3. Who is going to build the store? Where do you get the architectural plans to give to the builder? How do you make sure that the building complies with innumerable legal requirements (from local zoning regulations to federal disability law)?

4. How do you hire the managers and workers? What do you look for? What kind of training do you give them?

5. Where do you get all of the machinery and other items that fill a McDonald's kitchen?

6. Where do all of the food items come from? How are the food items cooked/assembled/whatever? (This would include what to put on a Big Mac, how to fill the shake machine, how to mix Coke syrup, how to work the fry machine, and a hundred other tasks.)

7. How do you set employees' schedules? Make a payroll?

Well, I could go on and on. The point is, if you want to open a McDonald's store, there are innumerable facts and skills that you will need to know -- knowledge that McDonald's can give you but that you could not learn in a regular school. After all, even if regular schoolteachers knew all of this information (they don't), no school is going to waste its time teaching all of the specific knowledge that it takes to run a McDonald's (or any of the other thousands of types of businesses that exist). That's just not the sort of thing that a school can or should do.

I would suggest that all of the above is true -- at least to some extent -- for all of the businesses that exist in America. For any type of business that you can imagine, the overwhelming majority of the information necessary to run the business consists of informal knowledge that has accumulated over years or decades, and that will never be taught in schools.

At most, one can point to a few trades or professions where some specialized schooling teaches someone the basics (i.e., a trade school might teach the basics of installing electrical wires, or a law school teaches the basics of how to analyze statutes and cases). Even there, a large part of what you do on the job involves information or tasks that weren't specifically taught in school.

What's the upshot of all of this? That there's no real reason to think that formal education is going to magically produce increased business activity -- i.e., economic growth -- here or in Third World countries. You could take the entire population of a Third World country and send them to 12 years of school to learn all about social studies and literature and political science. At the end, they wouldn't be any closer to a modern economy than they are now. What would be far more helpful is if the necessary institutions -- i.e., the many different kinds of businesses -- existed in that country, so that people could gain the knowledge that is actually relevant to economic growth.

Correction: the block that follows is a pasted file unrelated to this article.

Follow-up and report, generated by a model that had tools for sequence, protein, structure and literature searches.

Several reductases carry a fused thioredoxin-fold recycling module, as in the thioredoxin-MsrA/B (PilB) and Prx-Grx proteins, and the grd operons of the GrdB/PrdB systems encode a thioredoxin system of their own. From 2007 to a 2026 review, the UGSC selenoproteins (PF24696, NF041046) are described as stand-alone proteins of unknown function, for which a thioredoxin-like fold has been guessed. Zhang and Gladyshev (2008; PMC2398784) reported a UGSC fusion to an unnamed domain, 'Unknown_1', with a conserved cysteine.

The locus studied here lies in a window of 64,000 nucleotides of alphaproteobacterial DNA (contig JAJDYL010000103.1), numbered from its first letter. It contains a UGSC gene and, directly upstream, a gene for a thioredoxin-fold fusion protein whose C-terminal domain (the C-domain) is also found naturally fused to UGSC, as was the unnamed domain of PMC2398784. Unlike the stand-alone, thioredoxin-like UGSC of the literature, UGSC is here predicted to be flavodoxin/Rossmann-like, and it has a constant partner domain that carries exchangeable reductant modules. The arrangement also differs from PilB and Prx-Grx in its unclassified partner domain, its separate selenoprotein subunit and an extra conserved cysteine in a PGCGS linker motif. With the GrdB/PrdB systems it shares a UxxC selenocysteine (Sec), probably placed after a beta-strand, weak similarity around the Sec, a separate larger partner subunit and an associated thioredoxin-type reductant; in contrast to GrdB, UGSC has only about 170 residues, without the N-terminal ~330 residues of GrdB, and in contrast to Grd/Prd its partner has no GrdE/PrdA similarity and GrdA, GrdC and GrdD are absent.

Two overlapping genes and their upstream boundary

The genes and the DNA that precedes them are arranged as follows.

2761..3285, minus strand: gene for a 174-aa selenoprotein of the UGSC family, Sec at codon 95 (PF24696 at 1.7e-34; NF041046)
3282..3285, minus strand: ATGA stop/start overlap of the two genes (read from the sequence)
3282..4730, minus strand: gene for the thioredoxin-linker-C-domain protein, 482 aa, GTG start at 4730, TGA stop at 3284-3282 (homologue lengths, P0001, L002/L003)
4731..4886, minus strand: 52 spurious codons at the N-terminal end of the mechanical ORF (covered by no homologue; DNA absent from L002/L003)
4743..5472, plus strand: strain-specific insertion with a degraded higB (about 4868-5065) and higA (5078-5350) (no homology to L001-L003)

The fact that this seems to be a chicken-and-egg problem leads to a further suggestion: Anything that increases business activity in Third World countries -- whether globalization or micro-credit loans that encourage local entrepreneurs -- is far more likely to produce the sort of education that creates further economic growth. With globalization, a factory might open in such a country, providing a place where workers will learn at least some skills that are economically relevant. Even better, entrepreneurship allows people to gradually accumulate the necessary knowledge to run their own businesses.


Tuesday, September 05, 2006

Prof. Dutch

Via Newmark's Door comes Professor Steven Dutch's Top Ten No-Sympathy Lines that he's heard from college students (mostly of the type that ought not be in college in the first place). I loved this one:
There Was Too Much Memorization

Sad to say, students have been victims of a cruel hoax. You've been told ever since grade school that memorization isn't important. Well, it is important, and our system wastes the years when it is easiest to learn new skills.